There’s no one way to stop Billings West.
Thus, the challenge for Glacier, which will face West at 5 p.m. Thursday in the first round of the Class AA girls basketball state tournament, is not slowing down one star or focusing on a particular end of the floor, but instead finding a way to counter the Golden Bears’ potent balance.
West, the top seed from the Eastern divisional, boasts five players who rank in the top 40 of Class AA in individual scoring average, including TyLee Manuel and Shayla Montague.
Manuel is fourth in the state with 12.1 points per game. Montague ranks 10th with an average of 10.2.
West also ranks fourth in the state in both scoring offense and scoring defense.
“You kind of step back and rely on what we’ve been doing all year, which is playing good team defense,” Glacier head coach Bill Sullivan said. “Billings West has two, in particular, who can score more than the others, but they are well-balanced. Any one of them can get you if you let them and give them looks. Defensively, we just have to be solid.”
Glacier should be comfortable relying on its stifling defense, as it’s often been the Wolfpack’s calling card this season.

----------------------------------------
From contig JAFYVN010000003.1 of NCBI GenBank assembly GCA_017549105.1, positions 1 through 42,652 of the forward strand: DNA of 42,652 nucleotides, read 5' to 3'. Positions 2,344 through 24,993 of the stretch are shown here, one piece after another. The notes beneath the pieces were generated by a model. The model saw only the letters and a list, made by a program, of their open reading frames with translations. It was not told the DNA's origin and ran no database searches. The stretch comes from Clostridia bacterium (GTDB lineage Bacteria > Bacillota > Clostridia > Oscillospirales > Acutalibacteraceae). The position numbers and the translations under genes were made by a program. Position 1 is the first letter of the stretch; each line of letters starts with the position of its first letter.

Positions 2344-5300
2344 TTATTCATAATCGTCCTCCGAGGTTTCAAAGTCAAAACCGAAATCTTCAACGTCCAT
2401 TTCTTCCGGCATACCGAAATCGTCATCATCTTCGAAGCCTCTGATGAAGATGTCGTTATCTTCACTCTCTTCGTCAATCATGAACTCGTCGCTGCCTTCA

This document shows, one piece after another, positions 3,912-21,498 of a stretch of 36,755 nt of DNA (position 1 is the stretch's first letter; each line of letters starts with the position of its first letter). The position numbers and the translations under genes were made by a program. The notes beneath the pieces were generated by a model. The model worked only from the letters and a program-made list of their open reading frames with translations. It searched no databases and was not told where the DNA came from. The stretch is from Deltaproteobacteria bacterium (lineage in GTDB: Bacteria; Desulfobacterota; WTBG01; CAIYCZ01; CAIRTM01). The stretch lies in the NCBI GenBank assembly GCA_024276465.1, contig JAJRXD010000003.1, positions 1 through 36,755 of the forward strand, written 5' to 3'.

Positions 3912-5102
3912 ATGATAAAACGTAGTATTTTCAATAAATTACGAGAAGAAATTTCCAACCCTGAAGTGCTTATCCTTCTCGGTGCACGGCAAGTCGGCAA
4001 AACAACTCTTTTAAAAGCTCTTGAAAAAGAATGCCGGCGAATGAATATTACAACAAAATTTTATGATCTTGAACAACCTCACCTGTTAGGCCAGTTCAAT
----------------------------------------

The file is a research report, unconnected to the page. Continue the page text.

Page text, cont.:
Sullivan’s squad allows just 37.2 points per game, good for third in the state behind Helena Capital and Helena High.
The Wolfpack is 12-2 this season when holding opponents under 40 points and 1-7 when they eclipse 40.
In addition to playing stifling defense, Glacier must also do something few other teams have been able to do against West — simply stay in the game.
The Bears have been dominant on their way to an 18-2 record, the best in the state.
“Their size just creates a lot of problems for everybody,” Sullivan said. “Shoot, 6-foot, 6-1, 6-2, 6-1, 6-foot, 5-11. They’ve got great size across the board.
“You’ve got to be able to handle their size. The key probably will be to make sure we block out and rebound.”
A disadvantage for both teams is their unfamiliarity with the other.
The two have not played one another since the 2015 state tournament, long before many of the current contributors for Glacier and Billings West had even sniffed the varsity teams.
Glacier’s focus in preparation, therefore, has been on the limited film it does have of West, but even more so on itself.
“Hopefully, we’ve been able to rep (West’s offensive sets) enough that we’re familiar with it,” Sullivan said.
“They have the same problem as us. They really haven’t seen us. So really, it’s going to come down to the fundamentals of basketball. Who’s the most fundamental in what they do and what they do best?”